Planning a Communion Meal

Tips and Ideas to Help

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Since our ministry began, I’ve asked myself some serious questions.  One of them — what constitutes a ‘church service’?  What I’ve learned, is that we tend to allow our tradition, and not scripture, to answer that question.  The Bible never describes a ‘church service’ as people reverently sitting in sanctuary pews, while singing hymns and listening to a well-dressed pastor.  Can a ‘church service’ look like that?  Sure!  But it’s not what actually defines a ‘church service’.

Planning A Communion Meal

The Underground Church

A number of years ago, I had the privilege of being a part of a short-term missions team.  I’ll never forget experiencing an underground youth group.  Yes, they sang songs.  Yes, they heard from God’s Word.  But other than that, the ‘service’ looked NOTHING like what the average North American would call a ‘church service.’

It was full of community, unity, friendship, authentic connection, love, and selflessness.  Their goal wasn’t to serve themselves and welcome Jesus to ‘their service’, their goal was to celebrate Jesus through their community and serve Jesus.

A ‘church #service’ is about #Communion together as we celebrate Jesus. #unity #community #Acts2 Click To TweetWhat did I learn?  A ‘church service’ is about communion together as we celebrate Jesus.  Outside of the basics, the format doesn’t really matter.  The only fundamentals we know of, include teaching the Word, breaking of bread, fellowship, and prayer (Acts 2:42).

So, what if we planned a service around one of the most significant aspects of our faith?  What if Holy Communion was actually the focus of our service?  What if we didn’t just ‘partake’ together, but actually ate together, like Jesus’ and his disciples did during the Last Supper?  (Check out What Happens During Communion? for more.)

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Living to Learn – The Early Church (Part 3)

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A devoted church, is a church who is willing to learn and teach.  In this series, we’ll explore what Jesus said, what the early church did, and how we, the church, can become more devoted.

There are two kinds of people involved in learning – someone who is receiving information, and someone who is giving information.  Quite often we call these people the mentoree and the mentor.

What JESUS said about learning…

Jesus did a lot of teaching throughout his ministry; however, sometimes we forget to study his life before his ministry started.  Luke is the only gospel writer who gave us a picture of his early childhood.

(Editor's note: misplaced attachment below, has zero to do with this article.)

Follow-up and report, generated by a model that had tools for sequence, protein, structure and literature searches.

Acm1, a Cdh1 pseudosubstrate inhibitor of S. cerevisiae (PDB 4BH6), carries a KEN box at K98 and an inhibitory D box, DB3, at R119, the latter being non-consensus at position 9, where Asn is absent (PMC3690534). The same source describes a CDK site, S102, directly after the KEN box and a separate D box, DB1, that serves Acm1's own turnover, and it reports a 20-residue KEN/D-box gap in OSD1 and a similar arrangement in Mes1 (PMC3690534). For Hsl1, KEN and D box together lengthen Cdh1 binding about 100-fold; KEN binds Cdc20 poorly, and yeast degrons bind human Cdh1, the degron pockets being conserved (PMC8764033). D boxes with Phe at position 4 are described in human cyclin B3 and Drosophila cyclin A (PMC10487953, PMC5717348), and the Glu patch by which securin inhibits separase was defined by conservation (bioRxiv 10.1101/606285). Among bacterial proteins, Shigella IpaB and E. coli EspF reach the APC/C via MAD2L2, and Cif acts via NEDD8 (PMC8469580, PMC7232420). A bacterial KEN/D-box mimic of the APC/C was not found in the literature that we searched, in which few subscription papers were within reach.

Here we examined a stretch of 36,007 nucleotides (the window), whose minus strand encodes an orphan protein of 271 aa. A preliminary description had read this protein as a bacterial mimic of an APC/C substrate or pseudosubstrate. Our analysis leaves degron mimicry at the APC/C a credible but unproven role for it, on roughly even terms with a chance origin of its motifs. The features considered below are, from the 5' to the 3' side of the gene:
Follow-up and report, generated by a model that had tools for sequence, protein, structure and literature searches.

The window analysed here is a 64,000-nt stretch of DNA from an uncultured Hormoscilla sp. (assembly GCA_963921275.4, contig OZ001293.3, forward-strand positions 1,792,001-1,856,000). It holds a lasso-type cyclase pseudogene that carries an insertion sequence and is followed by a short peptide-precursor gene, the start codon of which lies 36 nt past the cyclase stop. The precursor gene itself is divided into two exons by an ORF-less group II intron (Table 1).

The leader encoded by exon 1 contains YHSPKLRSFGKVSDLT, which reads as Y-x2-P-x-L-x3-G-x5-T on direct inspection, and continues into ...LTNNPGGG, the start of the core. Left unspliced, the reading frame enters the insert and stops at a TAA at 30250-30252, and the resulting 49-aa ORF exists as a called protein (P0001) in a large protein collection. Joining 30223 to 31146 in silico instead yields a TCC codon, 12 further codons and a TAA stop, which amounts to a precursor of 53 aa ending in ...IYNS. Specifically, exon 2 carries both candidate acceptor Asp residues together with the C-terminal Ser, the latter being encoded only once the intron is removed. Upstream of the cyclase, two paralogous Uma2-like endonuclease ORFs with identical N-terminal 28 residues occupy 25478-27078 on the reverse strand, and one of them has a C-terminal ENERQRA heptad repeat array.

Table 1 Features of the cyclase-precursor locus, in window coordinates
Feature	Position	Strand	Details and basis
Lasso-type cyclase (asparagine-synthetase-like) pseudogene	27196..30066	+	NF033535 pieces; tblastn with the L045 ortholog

…the child grew and became strong, filled with wisdom.  And the favor of God was upon him.  Now his parents went to Jerusalem every year at the Feast of the Passover.  And when  he was twelve years old, they went up according to custom.  And when the feast ended, as they were returning, the boy Jesus stayed behind in Jerusalem.  His parents did not know it, but supposing him to be in the group they went a day’s journey, but then they began to search for him among their relatives and acquaintances, and when they did not find him, they returned to Jerusalem, searching for him.  After three days, they found him in the temple, sitting among the teachers, listening to them and asking questions.  And all who heard him were amazed at his understanding and his answers.  And when his parents saw him, they were astonished.  And he said to them, ‘Why were we looking for me? Did you not know that I must be in my Father’s house?’ And they did not understand the saying that he spoke to them.  And he went down with them and came to Nazareth and was submissive to them.  And his mother treasured up all these things in her heart.  And Jesus increased in wisdom and in stature and in favor with God and man.[i]

There are a number of things Luke wants us to see here.  First, there is a human side to Jesus.  He was a man who grew.  He didn’t just appear; he was a child who grew into the person he needed to become.

Second, Luke uses the catch-phrase, “he grew” to isolate how Jesus grew.  Verses 40 and 52 mark the beginning and end of the story.  Jesus grew by Luke calling him a child to being called Jesus, from being filled with wisdom to increasing in wisdom, and from being in favor with God to being in favor with God and man.[ii]